TransCanada agreed on Monday to reroute its Keystone XL oil pipeline around the Sandhills region of Nebraska, in a strategic move that divided the coalition of locals and environmentalists that had formed to oppose the project.

The move came on the heels of President Obama's decision last week, in response to thousands of protesters rallying outside the White House, to send the pipeline project back to the State Department for a re-review of whether it is in the country's best interest. The State Department is responsible for approving the project because it comes out of Canada.

That decision threw a wrench in TransCanada's plans, as the company had banked on approval by the end of 2011. Opponents all but declared victory, saying the re-review would effectively kill the project. But TransCanada turned the tables on Monday by addressing one concern about the pipeline -- the threat it posed to the Sandhills and the Ogallala aquifer in Nebraska -- in an effort to reduce opposition to the project as a whole.

Proponents say the $7 billion pipeline, which would carry 700,000 barrels of crude oil a day from the tar sands of Alberta, Canada, to refineries in Texas, would reduce the United States' dependence on oil from the Middle East and Venezuela. But the planned route went over the Ogallala aquifer, which provides 80 percent of Nebraska's drinking and irrigation water, and residents worried about the effects of an oil spill.

New Route: Through Aquifer, But Not Sandhills

The new route TransCanada has proposed would still go over the aquifer, but not through the Sandhills, where there would have been only a thin, fragile sand barrier between the pipeline and the aquifer. Shifting the route farther east means there will be a 200-foot barrier of clay soil to prevent contamination of the aquifer.

For Nebraskans who have opposed the route through the Sandhills from the start, this is welcome news and a huge victory, Jane Kleeb, the executive director of Bold Nebraska, said in a statement. But she added that Nebraskans still have a lot of serious, important questions about this pipeline and will be watching [TransCanada] like a hawk to ensure our land and water are protected.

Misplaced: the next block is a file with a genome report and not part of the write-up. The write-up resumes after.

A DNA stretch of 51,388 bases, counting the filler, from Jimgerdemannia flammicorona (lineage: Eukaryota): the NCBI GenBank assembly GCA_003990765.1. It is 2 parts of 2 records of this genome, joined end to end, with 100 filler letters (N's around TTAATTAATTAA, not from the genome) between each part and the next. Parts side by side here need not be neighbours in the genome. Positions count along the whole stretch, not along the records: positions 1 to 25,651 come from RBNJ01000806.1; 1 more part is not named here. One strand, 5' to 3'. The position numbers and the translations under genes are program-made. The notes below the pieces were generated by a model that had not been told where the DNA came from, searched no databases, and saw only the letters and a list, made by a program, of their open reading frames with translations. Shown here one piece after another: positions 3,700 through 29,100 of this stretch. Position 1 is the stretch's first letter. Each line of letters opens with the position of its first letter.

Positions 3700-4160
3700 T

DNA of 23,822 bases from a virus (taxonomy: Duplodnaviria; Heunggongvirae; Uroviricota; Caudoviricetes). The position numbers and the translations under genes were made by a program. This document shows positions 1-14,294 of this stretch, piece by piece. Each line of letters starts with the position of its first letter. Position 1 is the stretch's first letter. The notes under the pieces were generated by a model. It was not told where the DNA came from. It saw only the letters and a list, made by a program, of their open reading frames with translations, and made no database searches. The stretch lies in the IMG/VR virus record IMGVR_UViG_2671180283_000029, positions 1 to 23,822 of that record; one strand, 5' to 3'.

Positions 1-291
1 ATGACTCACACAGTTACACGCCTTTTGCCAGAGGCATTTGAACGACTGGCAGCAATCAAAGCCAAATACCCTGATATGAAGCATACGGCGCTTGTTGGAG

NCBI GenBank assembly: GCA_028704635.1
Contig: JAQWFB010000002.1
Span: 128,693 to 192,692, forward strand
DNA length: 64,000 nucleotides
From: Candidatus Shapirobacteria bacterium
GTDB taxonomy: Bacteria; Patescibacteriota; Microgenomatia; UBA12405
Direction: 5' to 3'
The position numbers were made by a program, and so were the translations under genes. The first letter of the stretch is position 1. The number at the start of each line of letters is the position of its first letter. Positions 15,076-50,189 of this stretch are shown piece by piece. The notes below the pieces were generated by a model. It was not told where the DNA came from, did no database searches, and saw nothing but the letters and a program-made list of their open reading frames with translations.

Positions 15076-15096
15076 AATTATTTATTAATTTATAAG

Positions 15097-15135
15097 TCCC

While many locals were thrilled with the move, it did not satisfy opponents concerned with the environmental impact of the pipeline beyond Nebraska.

We're awfully happy that the Ogallala aquifer is going to be safe, and the Sandhills, and that only leaves the entire atmosphere of the planet to worry about, Bill McKibben, an organizer for Tar Sands Action, one of the groups opposing the pipeline project, said in a statement.

Unlike local farmers and ranchers, whose opposition had been based mainly on protecting the aquifer and their own livelihoods, Tar Sands Action and other groups that have been protesting the project at the national level oppose the pipeline in any location because extracting oil from tar sands releases more carbon dioxide into the atmosphere than traditional oil extraction.

These opponents argue that the pipeline will not reduce dependence on foreign oil because most of the oil it transports will be exported to Europe and Latin America, according to presentations TransCanada has made to investors. They also argue that it will not create as many jobs as advertised.

Two major unions, the Amalgamated Transit Union and the Transport Workers Union, also oppose the project on that basis. We need jobs, but not ones based on increasing our reliance on tar sands oil, they said in a statement in August.

TransCanada Expects New Route OK

But TransCanada officials said they believed the reroute would clear the way for approval and urged the State Department to finish its review quickly.

As I understand the concern of the State Department ... they indicated that the reason for the delay was the concern that was raised by Nebraskans with respect to the route, and particularly the Sandhills, Alex Pourbaix, the president of Trans Canada's energy and oil pipelines division, told the Los Angeles Times. I would hope this would give the State Department reason to consider shortening that time frame.

TransCanada cannot afford a drawn-out review process. It has already spent $1.9 billion on the Keystone XL project, and the Calgary Herald reported that each day the project is delayed costs an additional $1 million.

The company tried very hard to avoid the delay it is now facing, insisting that it had already examined all possible routes and chosen the one with the least overall environmental impact, and that it was too late to choose a different route now. But President Obama's decision to send the project back to the State Department left TransCanada with few options other than a reroute.

The company's share price dropped 30 cents on the Toronto Stock Exchange on Monday, closing at $40.51. Paul Lechem, an analyst for CIBC World Markets, said the share price would probably fall 89 cents if the pipeline were rerouted and $2.48 if the project were canceled altogether.